Syrian refugees have also been targeted, suggesting ethnic nationalism, as well as Islamism, has fuelled the mob violence. However, Sendeka10.org reported on July 17 that residents of these communities militantly resisted the mobs, in some cases successfully.
A purge of the armed forces is understandable after a failed coup, but Erdoğan is using the pretext to achieve the concentration of power he has been striving for. About 7000 people, civilians as well as soldiers, have been arrested. Journalists have had their credentials revoked and TV stations have had their licenses taken away. About 15,200 education workers and more than 2800 members of the judiciary have been sacked.
On July 21, Erdoğan declared a state of emergency and suspended the application of the European Convention on Human Rights.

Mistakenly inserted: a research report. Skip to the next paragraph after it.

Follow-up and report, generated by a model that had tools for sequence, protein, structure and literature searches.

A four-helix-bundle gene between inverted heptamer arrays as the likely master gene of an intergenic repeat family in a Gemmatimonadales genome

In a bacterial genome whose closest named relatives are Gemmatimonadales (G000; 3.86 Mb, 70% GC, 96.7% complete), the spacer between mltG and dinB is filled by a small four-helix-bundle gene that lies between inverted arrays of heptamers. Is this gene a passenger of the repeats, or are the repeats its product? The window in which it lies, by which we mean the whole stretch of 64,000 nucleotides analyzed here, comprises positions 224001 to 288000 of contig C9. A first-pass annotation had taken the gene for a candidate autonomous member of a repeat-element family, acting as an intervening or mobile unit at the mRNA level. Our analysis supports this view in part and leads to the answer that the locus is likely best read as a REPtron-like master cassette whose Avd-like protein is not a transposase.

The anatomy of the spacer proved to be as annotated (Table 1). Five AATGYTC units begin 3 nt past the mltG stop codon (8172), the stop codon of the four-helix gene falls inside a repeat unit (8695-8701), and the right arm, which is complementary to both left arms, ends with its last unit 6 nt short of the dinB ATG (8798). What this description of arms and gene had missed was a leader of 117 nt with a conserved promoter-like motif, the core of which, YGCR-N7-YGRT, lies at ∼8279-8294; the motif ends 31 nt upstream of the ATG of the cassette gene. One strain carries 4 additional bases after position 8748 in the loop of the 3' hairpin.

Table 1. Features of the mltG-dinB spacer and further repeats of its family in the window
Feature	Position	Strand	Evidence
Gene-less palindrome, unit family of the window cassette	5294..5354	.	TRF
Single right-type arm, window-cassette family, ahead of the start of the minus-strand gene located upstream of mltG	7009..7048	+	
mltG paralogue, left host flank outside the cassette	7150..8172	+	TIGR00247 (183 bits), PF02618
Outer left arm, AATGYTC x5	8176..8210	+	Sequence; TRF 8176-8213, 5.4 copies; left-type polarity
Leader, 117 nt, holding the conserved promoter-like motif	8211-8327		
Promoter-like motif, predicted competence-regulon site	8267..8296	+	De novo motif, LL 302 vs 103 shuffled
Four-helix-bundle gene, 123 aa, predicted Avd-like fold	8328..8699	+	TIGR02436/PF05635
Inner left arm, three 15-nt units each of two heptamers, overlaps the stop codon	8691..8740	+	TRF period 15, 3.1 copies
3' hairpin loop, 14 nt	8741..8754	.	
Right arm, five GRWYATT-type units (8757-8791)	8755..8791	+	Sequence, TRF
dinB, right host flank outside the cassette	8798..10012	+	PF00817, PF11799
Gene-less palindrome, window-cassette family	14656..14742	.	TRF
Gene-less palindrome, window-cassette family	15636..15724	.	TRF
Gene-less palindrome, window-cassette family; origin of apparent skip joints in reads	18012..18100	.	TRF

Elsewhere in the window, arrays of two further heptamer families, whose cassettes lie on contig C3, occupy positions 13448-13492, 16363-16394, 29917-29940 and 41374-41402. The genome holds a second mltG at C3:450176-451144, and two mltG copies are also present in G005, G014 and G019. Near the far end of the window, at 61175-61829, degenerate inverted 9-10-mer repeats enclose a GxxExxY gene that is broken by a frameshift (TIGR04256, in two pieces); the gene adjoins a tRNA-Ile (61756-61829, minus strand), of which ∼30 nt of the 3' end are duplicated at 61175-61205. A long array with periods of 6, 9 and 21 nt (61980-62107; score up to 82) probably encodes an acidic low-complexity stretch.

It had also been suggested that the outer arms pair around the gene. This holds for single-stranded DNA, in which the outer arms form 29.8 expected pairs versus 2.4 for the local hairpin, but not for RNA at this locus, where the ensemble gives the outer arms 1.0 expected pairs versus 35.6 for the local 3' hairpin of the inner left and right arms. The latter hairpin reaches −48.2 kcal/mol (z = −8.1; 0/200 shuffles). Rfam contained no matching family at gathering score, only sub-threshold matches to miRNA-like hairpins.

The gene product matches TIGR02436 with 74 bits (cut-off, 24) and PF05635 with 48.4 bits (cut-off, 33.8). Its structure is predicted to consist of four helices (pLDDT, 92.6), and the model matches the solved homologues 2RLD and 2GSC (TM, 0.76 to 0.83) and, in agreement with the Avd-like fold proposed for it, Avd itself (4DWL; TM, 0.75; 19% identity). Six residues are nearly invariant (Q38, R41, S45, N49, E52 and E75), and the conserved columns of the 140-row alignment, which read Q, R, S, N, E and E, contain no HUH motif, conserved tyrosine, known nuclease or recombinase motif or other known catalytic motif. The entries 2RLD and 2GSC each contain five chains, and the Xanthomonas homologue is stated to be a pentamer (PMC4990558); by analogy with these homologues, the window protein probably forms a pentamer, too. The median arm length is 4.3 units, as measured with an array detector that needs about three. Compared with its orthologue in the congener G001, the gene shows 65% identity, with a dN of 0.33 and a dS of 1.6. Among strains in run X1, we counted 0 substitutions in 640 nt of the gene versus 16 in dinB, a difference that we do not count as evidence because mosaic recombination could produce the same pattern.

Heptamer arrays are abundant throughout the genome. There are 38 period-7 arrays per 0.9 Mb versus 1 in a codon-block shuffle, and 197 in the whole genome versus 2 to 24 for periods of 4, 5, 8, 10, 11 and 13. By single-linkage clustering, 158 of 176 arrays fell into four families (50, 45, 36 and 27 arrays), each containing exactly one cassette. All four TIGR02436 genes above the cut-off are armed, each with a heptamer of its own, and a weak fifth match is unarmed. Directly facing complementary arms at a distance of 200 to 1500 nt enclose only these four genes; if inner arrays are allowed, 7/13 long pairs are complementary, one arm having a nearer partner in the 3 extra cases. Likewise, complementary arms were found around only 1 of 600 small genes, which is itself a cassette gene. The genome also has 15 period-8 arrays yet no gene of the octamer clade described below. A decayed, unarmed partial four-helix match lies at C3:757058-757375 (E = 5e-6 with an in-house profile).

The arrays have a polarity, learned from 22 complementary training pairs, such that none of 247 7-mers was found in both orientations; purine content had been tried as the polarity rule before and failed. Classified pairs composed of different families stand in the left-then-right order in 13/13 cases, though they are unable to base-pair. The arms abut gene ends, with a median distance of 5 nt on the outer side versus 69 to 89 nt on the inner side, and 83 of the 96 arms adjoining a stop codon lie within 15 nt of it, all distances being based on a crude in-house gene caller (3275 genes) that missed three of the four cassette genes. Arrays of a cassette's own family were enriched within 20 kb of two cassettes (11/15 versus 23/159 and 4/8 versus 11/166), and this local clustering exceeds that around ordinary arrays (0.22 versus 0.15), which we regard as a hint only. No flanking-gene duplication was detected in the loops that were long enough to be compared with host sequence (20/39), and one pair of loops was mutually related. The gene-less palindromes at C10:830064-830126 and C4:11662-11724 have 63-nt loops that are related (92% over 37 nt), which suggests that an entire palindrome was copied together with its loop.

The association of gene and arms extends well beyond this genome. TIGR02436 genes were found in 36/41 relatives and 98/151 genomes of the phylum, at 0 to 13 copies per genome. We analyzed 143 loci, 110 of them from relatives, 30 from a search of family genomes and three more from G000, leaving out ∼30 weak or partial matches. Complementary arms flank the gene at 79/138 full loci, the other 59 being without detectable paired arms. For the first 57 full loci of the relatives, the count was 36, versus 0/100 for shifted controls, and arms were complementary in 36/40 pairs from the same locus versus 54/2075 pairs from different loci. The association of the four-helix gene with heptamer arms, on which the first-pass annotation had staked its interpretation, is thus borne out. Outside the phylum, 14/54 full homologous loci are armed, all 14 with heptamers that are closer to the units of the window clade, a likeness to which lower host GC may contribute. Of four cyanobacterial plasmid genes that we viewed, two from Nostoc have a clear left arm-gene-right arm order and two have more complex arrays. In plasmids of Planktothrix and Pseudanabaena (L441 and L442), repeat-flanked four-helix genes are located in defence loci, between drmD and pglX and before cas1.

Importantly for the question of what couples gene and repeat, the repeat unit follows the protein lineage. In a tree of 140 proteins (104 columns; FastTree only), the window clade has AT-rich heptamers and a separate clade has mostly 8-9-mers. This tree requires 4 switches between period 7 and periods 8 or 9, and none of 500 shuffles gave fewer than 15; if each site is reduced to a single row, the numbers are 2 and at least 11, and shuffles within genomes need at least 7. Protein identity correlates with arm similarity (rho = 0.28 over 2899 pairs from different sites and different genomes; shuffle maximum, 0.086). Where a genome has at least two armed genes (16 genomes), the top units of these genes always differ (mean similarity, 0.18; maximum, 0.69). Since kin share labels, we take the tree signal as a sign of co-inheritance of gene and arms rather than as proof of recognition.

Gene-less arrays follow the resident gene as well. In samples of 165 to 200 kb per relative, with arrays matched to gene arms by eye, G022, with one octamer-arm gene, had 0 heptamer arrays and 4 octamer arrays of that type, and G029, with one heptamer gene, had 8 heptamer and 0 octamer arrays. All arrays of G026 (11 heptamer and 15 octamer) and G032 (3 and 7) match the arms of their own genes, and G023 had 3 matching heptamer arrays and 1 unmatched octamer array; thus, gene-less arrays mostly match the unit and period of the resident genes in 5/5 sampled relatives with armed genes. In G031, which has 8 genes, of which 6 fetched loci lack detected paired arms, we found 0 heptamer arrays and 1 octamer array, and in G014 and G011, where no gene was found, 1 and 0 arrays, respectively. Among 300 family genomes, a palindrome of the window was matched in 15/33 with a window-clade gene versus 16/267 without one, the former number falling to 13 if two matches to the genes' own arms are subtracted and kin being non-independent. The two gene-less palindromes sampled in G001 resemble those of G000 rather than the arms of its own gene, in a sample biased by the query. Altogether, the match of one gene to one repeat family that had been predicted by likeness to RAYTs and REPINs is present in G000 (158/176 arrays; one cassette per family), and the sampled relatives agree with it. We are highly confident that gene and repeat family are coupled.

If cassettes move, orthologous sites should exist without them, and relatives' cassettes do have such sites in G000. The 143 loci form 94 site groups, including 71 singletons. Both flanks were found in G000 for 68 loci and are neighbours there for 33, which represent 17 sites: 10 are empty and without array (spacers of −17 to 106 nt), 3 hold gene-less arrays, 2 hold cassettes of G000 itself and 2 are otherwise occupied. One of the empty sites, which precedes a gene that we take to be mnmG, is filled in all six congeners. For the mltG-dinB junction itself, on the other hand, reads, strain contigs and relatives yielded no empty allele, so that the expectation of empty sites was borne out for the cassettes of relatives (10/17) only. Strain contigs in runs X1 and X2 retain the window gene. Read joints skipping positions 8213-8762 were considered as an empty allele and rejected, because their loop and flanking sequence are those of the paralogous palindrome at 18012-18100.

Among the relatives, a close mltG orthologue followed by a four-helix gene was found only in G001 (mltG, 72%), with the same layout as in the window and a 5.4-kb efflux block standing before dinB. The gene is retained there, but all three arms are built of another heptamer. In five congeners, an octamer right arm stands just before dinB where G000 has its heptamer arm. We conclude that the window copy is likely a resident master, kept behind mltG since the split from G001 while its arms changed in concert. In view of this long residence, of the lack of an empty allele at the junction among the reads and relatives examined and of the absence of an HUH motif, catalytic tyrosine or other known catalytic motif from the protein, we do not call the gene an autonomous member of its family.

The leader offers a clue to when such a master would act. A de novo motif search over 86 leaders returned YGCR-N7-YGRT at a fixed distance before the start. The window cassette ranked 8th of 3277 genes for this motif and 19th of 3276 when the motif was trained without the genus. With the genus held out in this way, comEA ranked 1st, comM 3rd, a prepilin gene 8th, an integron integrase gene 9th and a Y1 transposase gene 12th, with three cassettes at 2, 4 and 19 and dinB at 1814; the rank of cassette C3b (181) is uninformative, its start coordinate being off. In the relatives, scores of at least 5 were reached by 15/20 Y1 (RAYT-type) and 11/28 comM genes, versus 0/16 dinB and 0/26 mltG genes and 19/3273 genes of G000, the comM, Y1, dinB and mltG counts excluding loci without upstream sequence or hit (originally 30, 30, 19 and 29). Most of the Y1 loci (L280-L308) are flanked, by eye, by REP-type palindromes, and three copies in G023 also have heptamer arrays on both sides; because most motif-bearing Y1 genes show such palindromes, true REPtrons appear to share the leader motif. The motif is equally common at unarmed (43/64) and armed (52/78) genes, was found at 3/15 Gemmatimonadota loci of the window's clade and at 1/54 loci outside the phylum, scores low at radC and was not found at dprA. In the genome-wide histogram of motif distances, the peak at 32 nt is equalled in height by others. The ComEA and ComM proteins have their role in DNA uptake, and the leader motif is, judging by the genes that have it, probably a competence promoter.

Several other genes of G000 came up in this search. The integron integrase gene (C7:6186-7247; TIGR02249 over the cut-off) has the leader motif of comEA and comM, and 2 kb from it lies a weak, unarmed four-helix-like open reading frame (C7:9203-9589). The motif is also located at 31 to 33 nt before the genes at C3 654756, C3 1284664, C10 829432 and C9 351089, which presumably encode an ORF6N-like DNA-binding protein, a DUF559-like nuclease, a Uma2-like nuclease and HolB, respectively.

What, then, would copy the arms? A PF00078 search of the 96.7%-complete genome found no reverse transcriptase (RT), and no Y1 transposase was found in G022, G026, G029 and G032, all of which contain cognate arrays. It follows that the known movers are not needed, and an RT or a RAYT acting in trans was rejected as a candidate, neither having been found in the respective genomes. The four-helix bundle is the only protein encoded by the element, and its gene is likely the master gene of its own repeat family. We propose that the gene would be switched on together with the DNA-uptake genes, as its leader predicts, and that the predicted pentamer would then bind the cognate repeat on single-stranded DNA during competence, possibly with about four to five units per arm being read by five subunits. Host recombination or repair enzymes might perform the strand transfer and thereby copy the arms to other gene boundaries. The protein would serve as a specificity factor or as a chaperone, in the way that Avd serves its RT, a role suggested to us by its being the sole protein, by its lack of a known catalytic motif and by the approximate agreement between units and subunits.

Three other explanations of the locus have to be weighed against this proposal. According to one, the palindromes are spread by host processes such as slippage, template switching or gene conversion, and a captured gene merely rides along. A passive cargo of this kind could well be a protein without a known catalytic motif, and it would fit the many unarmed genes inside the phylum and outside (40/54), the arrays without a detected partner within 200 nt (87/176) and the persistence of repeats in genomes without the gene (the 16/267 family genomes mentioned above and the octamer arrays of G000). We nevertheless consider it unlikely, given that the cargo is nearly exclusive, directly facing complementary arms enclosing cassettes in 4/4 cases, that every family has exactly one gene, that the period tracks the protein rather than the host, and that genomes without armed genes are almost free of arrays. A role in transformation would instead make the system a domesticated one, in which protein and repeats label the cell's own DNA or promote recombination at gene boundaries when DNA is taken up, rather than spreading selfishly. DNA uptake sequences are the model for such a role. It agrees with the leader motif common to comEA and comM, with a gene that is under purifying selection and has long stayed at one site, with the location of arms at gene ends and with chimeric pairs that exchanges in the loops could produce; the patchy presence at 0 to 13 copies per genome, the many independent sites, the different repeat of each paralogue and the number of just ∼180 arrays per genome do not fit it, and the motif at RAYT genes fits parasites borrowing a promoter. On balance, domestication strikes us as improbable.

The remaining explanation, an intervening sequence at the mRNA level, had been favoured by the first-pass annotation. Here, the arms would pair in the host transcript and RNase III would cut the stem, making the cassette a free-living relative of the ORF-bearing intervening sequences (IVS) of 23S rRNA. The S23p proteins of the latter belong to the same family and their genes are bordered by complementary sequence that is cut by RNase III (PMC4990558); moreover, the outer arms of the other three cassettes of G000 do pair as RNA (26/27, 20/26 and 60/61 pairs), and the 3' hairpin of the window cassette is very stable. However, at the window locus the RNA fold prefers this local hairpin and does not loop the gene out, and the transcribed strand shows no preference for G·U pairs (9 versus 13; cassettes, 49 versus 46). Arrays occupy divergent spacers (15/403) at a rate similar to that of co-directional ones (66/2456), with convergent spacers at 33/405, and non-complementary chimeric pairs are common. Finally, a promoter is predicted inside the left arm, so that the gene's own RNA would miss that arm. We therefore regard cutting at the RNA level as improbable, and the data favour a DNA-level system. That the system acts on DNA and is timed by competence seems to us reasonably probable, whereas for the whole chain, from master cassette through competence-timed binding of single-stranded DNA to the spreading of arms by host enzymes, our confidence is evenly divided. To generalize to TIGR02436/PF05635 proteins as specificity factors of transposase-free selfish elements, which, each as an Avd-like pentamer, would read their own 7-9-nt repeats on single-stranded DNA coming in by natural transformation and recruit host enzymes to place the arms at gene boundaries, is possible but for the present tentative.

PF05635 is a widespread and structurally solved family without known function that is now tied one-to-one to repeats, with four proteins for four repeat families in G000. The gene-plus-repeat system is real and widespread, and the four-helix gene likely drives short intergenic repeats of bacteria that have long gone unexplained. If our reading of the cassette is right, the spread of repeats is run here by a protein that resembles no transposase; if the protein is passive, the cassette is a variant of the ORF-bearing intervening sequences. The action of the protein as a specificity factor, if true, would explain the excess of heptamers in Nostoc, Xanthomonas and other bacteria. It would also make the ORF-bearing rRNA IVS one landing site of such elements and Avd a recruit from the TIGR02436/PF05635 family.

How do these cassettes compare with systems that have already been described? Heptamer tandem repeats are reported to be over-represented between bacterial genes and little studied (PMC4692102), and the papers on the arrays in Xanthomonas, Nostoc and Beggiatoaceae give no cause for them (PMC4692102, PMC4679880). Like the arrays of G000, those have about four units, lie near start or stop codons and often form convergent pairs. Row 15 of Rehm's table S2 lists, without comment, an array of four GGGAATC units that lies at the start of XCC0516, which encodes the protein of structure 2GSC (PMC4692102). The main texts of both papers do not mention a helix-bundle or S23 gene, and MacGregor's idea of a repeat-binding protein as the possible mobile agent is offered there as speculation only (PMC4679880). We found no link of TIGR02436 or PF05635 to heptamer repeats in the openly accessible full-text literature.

HDP spokesperson Ayhan Bilgen responded: “If the coup was successful they would have declared a state of emergency. The AKP government who claim that they pushed back the coup and protected democracy now declares a state of emergency and does what would have happened.”
JINHA Women’s News Agency responded that Kurds had been living under a state of emergency for the past 36 years. But the response of the Kurdish movement, the left and Turkey’s militant working class communities has shown that resistance will continue even in the face of greater repression.
As Ali Ergin Demirhan put it: “Ultimately, it behoves everyone who says no to both a coup and an Islamist dictatorship to remember the third option presented at Gezi as a model for resisting for democracy.” •
Tony Iltis writes for Green Left Weekly, where this article first appeared.